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esm223_17_Readings_Arizona_Salt_USGS_Fact_Sheet_170-98

esm223_17_Readings_Arizona_Salt_USGS_Fact_Sheet_170-98 -...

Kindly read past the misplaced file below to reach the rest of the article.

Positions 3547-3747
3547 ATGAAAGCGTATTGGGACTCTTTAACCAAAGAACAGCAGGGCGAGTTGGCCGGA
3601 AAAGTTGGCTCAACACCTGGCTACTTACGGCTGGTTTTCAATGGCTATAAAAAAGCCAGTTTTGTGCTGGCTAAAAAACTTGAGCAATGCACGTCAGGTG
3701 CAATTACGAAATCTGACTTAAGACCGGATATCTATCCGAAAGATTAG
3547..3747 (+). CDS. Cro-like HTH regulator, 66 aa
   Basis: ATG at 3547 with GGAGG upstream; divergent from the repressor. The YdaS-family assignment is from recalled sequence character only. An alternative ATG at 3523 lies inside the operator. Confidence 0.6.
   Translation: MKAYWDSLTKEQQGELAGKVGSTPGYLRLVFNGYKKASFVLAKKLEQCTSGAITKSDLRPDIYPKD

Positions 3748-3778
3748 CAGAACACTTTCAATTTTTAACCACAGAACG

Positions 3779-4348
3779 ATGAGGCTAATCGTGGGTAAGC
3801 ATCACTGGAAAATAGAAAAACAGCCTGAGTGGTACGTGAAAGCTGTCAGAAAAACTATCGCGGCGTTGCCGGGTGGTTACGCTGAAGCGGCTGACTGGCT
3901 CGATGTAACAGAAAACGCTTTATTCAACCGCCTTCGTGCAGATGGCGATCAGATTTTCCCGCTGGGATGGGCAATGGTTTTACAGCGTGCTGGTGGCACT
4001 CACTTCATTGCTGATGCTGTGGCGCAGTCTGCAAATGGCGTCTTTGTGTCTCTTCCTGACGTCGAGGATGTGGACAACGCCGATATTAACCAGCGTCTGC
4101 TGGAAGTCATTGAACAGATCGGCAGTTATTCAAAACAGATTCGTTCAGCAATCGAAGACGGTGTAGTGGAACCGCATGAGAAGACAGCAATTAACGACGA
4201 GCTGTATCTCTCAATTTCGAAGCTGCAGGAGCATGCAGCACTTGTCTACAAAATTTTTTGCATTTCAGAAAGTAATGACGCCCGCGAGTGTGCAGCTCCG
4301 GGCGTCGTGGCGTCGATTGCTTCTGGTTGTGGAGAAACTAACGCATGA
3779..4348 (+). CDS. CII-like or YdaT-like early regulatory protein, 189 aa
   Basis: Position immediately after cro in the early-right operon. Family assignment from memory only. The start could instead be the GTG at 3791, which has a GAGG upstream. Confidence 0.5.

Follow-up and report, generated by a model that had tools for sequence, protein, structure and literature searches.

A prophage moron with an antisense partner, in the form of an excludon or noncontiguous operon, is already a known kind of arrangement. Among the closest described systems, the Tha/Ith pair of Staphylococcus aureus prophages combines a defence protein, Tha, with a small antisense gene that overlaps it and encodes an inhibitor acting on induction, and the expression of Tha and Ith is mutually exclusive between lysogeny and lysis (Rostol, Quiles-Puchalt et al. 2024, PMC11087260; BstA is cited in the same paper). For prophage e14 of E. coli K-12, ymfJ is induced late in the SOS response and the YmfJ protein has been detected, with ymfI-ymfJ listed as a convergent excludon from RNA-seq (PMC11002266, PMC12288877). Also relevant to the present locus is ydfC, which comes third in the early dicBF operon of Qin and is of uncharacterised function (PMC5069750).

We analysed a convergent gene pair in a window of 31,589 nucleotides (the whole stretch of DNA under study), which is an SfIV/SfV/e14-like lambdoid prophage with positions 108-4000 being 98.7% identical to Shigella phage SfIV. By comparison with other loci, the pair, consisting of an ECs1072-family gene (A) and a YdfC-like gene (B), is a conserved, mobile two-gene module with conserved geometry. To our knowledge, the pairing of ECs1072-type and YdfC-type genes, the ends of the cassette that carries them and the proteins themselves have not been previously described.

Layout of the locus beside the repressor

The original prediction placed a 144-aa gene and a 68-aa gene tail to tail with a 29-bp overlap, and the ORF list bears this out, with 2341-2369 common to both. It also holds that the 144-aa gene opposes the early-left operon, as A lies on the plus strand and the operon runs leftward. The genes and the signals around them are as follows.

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Land in arid and semiarid regions of the world is irrigated to sustain agriculture, urban yards and lawns, and other vegetation. To prevent the accumulation of salts in the root zone, the quantity of water applied must be sufficient to flush the salts beyond the root zone as well as meet the plant requirements. Many factors determine the extent and severity of salt accumulation including chemical composition of the water supply; nature and composition of the soil and subsoil; topography of the land; quantity of water used and the methods of applying it; kinds of crops grown; climate of the region, especially the quantity and distribution of rainfall; and nature of ground- water and surface-water drainage systems (Hem, 1985). Irrigated agriculture can result in rising water tables, waterlogged soils, progressive mineralization of water and soils, briny wastewater-disposal problems and concerns, and contamination of ground water by fertilizers and pesticides applied to the land and by chemicals in treated sewage effluent when it is used for irrigation (Bouwer, 1990; Bouwer and others, 1998). In south-central Arizona, the conversion of desert and rangeland to irrigated agricultural and urban land has been possible because of the impoundment of rivers, the pumping of ground water, and the importation of water. The salts that remain in the soil when these waters are used for irrigation are of concern because they can adversely affect crop production; quality of the underlying ground water; and domestic, municipal, and industrial water uses. In order to understand the causes and effects of salt accumulation in water and soils and how to manage or mitigate those effects, we need to understand where the salts come from and where they go. What are salts? The terms “salt content” or “salinity” of water actually refer to the quantity of mineral constituents that are dissolved in the water. The dissolved minerals or salts in water typically are reported as the The accumulation of salts in soils and ground water in arid and semiarid regions as a result of agricultural and irrigation practices is as much a concern to modern civilizations as it was to ancient civilizations. For example, the flood plain of the Tigris and Euphrates Rivers, known as the “Fertile Crescent” in ancient Mesopotamia (present- day Iraq), was first irrigated more than 6,000 years ago. The resulting agricultural surplus provided the foundation upon which the civilization was built; however, canals built in 4000 B.C. did not sufficiently drain excess water from the agricultural areas, and salts accumulated in water and soils. Progressive waterlogging and salinization were evident from the historical succession of crops—a 50/50 split of wheat and barley was grown in about 3500 B.C.; by 2500 B.C., the more salt-tolerant barley represented 80 percent of the crop, and finally by 1700 B.C., wheat could not be grown because of the salts that had accumulated in the ground water and soil. Centuries of irrigating poorly drained soil with highly
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